Hot Take: Entertaining enough but it’s easy to imagine a scenario where you forget what you watched 15 minutes after walking out of the theater. It’s silly… but it’s about a group of grown men still playing tag. Shouldn’t it be?
Throwaway comedies are nothing new. I’d run down a list of them from the previous years but I’ve forgotten most of them. That’s not necessarily a bad thing. These comedies, while forgettable, can be considerably funny. They just don’t leave a lasting impression. Tag happens to be one of those throwaway comedies that works in the moment even if it’s mostly forgettable by the time the lights come up in the theater. Powered by a stranger-than-fiction true story about a group of middle aged men still playing the kid’s game of tag and a committed cast featuring strong performances from Ed Helms, Jon Hamm, Jake Johnson, Hannibal Buress, Jeremy Renner and Isla Fisher, Tag takes plenty of swings and connects frequently at delivering laughs, even if the comedy is juvenile. It’s a movie about a kid’s game, after all. Tag works, for the most part. It’s a funny escape and shares its premise with a ridiculous true story that might not need the embellishment applied to make it compelling.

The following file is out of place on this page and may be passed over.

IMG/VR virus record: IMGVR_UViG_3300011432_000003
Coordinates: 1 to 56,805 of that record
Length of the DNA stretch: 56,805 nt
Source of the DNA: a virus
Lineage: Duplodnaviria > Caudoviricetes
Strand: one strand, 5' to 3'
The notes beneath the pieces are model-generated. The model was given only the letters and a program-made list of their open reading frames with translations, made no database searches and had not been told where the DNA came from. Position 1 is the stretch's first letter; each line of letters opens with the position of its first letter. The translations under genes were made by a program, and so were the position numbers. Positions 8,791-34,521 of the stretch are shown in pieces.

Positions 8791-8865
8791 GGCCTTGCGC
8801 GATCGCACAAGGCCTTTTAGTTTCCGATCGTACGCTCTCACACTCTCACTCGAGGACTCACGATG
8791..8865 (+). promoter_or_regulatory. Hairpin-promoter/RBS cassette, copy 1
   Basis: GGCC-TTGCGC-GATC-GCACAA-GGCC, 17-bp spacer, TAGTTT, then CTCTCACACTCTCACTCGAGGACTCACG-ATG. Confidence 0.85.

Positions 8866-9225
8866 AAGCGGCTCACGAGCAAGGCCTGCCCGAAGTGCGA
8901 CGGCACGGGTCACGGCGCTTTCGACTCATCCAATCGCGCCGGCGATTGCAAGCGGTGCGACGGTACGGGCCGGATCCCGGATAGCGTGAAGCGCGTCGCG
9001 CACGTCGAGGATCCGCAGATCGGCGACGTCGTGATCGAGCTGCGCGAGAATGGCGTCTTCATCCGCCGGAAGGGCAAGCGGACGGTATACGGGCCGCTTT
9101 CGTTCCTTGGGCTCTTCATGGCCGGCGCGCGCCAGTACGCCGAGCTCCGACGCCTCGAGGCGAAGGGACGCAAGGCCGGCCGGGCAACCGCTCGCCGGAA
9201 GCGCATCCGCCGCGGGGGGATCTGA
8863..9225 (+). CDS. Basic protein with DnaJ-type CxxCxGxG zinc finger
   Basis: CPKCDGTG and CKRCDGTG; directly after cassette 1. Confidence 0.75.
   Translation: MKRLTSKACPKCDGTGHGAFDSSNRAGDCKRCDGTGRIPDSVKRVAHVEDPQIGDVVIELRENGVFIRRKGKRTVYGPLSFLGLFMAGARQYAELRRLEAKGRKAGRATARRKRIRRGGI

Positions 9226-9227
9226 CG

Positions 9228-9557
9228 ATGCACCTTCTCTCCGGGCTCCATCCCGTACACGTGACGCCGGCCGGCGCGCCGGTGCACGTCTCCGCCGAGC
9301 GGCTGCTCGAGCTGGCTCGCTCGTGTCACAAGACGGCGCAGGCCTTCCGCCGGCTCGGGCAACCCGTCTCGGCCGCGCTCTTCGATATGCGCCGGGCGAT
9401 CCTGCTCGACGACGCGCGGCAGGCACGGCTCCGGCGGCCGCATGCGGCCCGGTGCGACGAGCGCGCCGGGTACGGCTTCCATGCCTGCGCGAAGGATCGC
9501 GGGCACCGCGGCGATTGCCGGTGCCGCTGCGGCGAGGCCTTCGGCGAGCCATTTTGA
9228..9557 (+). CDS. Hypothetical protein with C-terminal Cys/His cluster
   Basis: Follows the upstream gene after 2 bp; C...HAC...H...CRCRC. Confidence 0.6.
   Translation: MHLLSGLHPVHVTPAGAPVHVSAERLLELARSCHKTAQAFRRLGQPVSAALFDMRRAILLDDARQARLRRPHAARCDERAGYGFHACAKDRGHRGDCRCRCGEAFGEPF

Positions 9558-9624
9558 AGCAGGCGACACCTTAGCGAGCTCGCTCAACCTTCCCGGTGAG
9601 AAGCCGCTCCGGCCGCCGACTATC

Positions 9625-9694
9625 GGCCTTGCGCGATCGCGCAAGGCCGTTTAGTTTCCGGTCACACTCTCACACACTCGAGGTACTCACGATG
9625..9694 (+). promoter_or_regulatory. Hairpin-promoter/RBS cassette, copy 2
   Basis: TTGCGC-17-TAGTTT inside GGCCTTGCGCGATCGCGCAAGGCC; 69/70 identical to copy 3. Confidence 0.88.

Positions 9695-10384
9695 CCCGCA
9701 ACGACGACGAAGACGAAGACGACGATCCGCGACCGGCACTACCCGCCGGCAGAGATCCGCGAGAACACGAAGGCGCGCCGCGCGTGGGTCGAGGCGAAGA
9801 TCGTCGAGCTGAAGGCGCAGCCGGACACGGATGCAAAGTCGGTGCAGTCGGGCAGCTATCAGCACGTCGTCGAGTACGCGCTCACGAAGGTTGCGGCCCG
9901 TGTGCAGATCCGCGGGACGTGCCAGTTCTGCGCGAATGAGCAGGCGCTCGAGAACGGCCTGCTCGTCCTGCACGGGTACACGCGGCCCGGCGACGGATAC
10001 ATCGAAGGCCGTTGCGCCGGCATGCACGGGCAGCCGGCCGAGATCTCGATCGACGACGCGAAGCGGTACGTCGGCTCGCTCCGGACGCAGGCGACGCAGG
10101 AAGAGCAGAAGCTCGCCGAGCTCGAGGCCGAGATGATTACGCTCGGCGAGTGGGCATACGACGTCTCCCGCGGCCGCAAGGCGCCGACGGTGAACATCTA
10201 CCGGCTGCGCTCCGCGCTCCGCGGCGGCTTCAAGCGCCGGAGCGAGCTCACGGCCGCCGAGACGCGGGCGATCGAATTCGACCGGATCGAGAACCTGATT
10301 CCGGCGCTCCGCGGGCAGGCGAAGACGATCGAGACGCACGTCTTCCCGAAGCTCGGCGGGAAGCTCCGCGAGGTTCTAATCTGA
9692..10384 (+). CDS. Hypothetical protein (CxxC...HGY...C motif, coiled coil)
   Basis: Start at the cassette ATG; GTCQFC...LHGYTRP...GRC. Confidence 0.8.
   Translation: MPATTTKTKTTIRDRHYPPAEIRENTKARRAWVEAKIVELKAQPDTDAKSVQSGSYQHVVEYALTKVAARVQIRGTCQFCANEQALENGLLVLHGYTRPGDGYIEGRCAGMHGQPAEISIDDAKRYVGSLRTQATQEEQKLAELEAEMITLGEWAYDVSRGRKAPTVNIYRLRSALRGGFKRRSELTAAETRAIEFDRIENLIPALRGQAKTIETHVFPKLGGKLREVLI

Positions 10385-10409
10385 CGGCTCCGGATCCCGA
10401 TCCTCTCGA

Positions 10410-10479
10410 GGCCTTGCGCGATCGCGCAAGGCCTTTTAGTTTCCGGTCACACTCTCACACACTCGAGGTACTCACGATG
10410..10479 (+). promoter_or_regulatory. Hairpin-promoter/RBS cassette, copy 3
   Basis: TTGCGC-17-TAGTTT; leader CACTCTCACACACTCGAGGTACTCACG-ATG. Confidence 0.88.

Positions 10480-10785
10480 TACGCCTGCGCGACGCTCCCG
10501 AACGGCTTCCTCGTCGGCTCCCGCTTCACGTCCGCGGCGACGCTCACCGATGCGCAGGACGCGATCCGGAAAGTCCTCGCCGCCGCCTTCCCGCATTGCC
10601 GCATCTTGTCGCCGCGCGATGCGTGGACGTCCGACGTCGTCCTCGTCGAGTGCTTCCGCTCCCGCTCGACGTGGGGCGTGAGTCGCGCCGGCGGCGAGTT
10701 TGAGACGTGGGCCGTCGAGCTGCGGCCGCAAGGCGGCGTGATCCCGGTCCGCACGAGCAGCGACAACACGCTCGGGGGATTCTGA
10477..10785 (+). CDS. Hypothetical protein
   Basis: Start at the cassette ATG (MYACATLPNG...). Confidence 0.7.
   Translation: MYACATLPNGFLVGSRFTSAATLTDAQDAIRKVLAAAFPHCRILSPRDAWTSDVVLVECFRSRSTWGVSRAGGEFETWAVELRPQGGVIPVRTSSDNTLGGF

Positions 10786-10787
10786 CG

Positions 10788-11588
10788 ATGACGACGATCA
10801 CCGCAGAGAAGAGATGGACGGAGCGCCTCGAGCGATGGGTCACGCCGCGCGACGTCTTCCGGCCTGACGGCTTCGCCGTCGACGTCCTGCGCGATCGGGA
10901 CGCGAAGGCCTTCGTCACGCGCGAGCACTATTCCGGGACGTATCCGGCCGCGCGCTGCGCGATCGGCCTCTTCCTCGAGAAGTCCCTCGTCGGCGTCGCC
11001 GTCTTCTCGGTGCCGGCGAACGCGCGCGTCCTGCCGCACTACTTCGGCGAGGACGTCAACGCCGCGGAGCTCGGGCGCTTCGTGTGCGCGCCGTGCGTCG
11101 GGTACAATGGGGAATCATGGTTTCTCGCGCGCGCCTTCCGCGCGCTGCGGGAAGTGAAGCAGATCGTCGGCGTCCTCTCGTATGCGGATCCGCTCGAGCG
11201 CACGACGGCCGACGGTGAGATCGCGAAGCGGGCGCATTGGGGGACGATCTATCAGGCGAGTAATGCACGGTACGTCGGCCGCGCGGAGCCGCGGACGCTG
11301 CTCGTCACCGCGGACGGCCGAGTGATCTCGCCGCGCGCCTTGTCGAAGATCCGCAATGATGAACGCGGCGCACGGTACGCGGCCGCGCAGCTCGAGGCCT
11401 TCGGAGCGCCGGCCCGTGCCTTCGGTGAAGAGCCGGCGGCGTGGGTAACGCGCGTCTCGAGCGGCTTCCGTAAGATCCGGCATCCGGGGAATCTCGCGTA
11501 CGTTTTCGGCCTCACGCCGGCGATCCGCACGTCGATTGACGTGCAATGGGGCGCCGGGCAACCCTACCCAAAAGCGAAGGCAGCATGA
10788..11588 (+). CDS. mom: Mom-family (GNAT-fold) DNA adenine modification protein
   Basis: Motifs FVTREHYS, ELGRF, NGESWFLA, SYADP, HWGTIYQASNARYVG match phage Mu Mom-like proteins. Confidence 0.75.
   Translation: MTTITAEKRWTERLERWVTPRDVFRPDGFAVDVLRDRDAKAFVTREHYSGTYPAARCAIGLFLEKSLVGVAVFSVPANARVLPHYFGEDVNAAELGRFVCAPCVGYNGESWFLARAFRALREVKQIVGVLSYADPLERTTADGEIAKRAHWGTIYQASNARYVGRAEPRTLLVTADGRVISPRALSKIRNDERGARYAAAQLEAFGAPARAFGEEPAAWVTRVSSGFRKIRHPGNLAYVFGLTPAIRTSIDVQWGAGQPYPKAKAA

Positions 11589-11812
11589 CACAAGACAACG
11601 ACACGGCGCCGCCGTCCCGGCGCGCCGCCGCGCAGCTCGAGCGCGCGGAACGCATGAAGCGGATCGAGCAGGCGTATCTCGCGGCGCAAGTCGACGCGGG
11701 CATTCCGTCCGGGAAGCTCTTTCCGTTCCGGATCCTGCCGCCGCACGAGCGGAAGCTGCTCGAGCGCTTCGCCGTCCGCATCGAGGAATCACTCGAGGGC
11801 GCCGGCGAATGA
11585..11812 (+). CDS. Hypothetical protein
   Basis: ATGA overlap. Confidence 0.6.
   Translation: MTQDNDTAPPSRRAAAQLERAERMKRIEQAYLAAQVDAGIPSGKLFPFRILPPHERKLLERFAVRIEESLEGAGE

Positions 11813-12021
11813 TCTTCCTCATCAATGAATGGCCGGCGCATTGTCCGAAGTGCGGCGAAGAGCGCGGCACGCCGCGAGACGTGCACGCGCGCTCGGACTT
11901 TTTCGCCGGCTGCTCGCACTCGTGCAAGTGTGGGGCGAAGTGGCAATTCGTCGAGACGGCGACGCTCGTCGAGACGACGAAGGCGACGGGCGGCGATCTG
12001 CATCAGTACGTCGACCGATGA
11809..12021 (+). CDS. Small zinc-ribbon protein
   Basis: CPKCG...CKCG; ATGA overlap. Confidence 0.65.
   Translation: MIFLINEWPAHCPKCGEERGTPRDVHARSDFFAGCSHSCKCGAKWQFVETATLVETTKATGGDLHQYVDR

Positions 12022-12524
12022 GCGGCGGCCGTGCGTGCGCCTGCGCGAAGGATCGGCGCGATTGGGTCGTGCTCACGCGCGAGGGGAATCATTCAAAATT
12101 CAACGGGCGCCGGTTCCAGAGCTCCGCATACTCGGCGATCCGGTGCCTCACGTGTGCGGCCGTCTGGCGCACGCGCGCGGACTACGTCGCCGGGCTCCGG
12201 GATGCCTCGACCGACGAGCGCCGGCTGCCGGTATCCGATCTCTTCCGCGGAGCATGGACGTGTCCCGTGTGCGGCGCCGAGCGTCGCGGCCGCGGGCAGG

The premise is simple: A group of five friends have been playing tag every May since they were kids and one of their friends, Jerry (Jeremy Renner) has never been it. Hoagie (Ed Helms) finds out that Jerry is getting married and decides this will be the perfect opportunity for his friends to finally tag him IF they work together. The rest of the gang — Bob (Jon Hamm), Chilli (Jake Johnson) and Kevin (Hannibal Buress) — join in to entrap Jerry and let the chases begin.
To be fair, there were a few memorable scenes in Tag. There’s an especially funny interaction does a riff on the bad lip reading gimmick when a love interest is introduced played by Rashida Jones for Bob and Chilli to compete over with the back story that she’s the group’s Yoko. Isla Fisher as the way-too-intense wife of Helms’ Hoagie steals many of the scenes she’s in. There are also memorable moments that don’t work. The voice over of Jerry’s thoughts while escaping in the game of tag are more annoying than funny. Overall, though, the all-in efforts of the cast and the novelty of the fact that this is based on a true story elevate it to a satisfying watch.
With a glut at the box office of worthwhile films not featuring superheroes, Tag is a worthwhile endeavor. It won’t stick with you long but it should make you laugh. Sometimes, that’s all that matters, right?
YOU’RE IT!!! (You had to know that was coming!)
You firmly believe it’s time to move on from childish games… and you don’t mind being in the mud, you stick!